Why romaine lettuce keeps getting recalled

An investigation into the leafy green’s dirty reputation.
Close up of fresh organic super food salad in white bowl with fork on side and olive oil, red wine vinegar and lemons

Once a kitchen staple, the ubiquitous romaine lettuce now often conjures fear and disgust. Since 2017, contaminated romaine has sparked four major E. coli outbreaks throughout the US. Last month, the CDC reported 138 people in 25 states infected with romaine-triggered E. coli bacteria.

If you’re considering switching to kale, think again: Romaine likely isn’t any riskier than other leafy greens. Spinach and other lettuce varieties are similarly vulnerable to a harmful E. coli strain, says Purdue University food science professor Amanda J. Deering. The reason romaine has been plagued by E. Coli more than other greens has more to do with its popularity. The more romaine, the more infections.

If you feel like romaine recalls have escalated, you aren’t wrong. Food-borne-illness outbreaks from fresh produce have increased globally in recent years, Katzowitz says, likely due to increased fresh produce consumption, shifts in food production and distribution, and improved illness detection by public health officials.

Compared to other vegetables, though, our favorite salad bases are by far the most at risk for harboring dangerous bacteria. Unlike fruits and vegetables which grow higher above the ground or are protected by an outer shell or rind, leafy greens grow near the ground in open fields and are therefore susceptible to the germs from soil, water, and animal intestines, says CDC Health Communication Specialist Brian Katzowitz.

Unlike the E. coli strains that actually benefit your gut health, the O157:H7 strain is a known foodborne pathogen that commonly causes national outbreaks. When romaine comes into contact with O157, it passes infection to humans and animals. Ultimately, the strain’s origins can be difficult to track.

When an outbreak occurs, scientists view irrigation water sourced from dirty canals as a prime suspect. A November 2018 FDA report on the Yuma County, Arizona outbreak isolated the offending O157:H7 E. coli in an irrigation canal. How and when the bacterial strain entered the canal, however, is unknown.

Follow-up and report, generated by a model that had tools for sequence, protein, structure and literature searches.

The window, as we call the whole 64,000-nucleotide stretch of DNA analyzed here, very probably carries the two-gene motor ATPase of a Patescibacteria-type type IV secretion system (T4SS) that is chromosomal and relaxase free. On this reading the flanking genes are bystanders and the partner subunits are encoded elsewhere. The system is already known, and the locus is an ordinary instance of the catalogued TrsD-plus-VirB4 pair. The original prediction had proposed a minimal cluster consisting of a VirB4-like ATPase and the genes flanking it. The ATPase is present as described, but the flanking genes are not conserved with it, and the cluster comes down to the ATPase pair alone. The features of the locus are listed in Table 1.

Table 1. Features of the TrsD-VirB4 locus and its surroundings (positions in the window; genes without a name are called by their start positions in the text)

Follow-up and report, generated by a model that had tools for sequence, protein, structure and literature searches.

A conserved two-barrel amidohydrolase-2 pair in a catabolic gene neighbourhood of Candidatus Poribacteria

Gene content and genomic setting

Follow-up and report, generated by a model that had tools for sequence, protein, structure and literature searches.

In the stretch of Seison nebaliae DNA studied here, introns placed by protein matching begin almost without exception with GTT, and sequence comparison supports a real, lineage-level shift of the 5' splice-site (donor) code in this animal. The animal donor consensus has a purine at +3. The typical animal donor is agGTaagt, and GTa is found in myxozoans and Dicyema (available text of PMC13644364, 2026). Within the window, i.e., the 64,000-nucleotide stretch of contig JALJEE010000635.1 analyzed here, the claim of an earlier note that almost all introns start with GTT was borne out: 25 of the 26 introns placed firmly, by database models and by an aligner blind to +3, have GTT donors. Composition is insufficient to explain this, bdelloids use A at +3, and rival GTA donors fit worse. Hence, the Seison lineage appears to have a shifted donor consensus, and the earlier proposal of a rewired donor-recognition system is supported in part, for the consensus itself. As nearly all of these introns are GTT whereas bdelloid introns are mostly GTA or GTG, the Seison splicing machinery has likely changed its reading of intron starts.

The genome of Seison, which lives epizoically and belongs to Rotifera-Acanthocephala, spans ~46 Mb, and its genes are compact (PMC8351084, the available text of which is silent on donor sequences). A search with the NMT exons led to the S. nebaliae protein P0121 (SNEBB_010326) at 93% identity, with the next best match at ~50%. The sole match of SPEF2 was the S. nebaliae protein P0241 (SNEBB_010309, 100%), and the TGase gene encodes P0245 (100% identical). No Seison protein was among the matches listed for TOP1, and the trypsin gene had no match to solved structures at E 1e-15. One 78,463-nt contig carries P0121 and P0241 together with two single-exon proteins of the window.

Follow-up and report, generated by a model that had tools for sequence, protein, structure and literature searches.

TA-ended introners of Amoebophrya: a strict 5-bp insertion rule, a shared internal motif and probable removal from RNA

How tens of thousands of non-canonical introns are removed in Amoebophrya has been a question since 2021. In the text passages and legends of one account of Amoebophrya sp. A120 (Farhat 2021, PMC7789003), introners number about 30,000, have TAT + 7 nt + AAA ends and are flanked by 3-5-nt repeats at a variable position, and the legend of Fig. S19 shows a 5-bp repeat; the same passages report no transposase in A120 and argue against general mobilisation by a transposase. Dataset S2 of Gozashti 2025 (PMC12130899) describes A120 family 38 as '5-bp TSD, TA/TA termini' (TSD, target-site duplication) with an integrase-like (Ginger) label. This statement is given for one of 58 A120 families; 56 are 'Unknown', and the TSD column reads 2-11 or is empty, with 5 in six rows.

Irrigation systems are also not the only spot in the supply chain where contamination can occur. Though processing facilities sanitize romaine before chopping it, a few infected plants can contaminate hundreds of pre-cut salad bags headed for grocery stores. This complicates FDA investigations.

“Sometimes you’re looking for a needle in a haystack,” Deering says. “It’s very hard to be sure where it’s coming from.”

Once it reaches the plate, the O157 knows no boundaries; though young children and seniors are most vulnerable, the strain can infect people across ages. Symptoms of infection include diarrhea, nausea, fever, and vomiting. Those afflicted may even develop chronic kidney disease, high blood pressure, and kidney failure, according to the FDA.

Thankfully, new technology has aided the war against disease-spreading bacteria. Genome sequencing allowed researchers to trace back the O157 strains in the November 2018 romaine-based outbreak, Deering says. Plus, the 2011 Food Safety Modernization Act is considered a major win for food regulation: In an effort to thwart foodborne illnesses, it will set uniform safety standards for water, soil, and produce within most US farms by 2024. The Act’s Food Safety Plan focuses on preventive actions like identifying potential biological hazards.

During the next outbreak, check your romaine’s origin to avoid any contaminated lettuce. Though salad-eaters should tread cautiously, they needn’t abandon the infamous greens.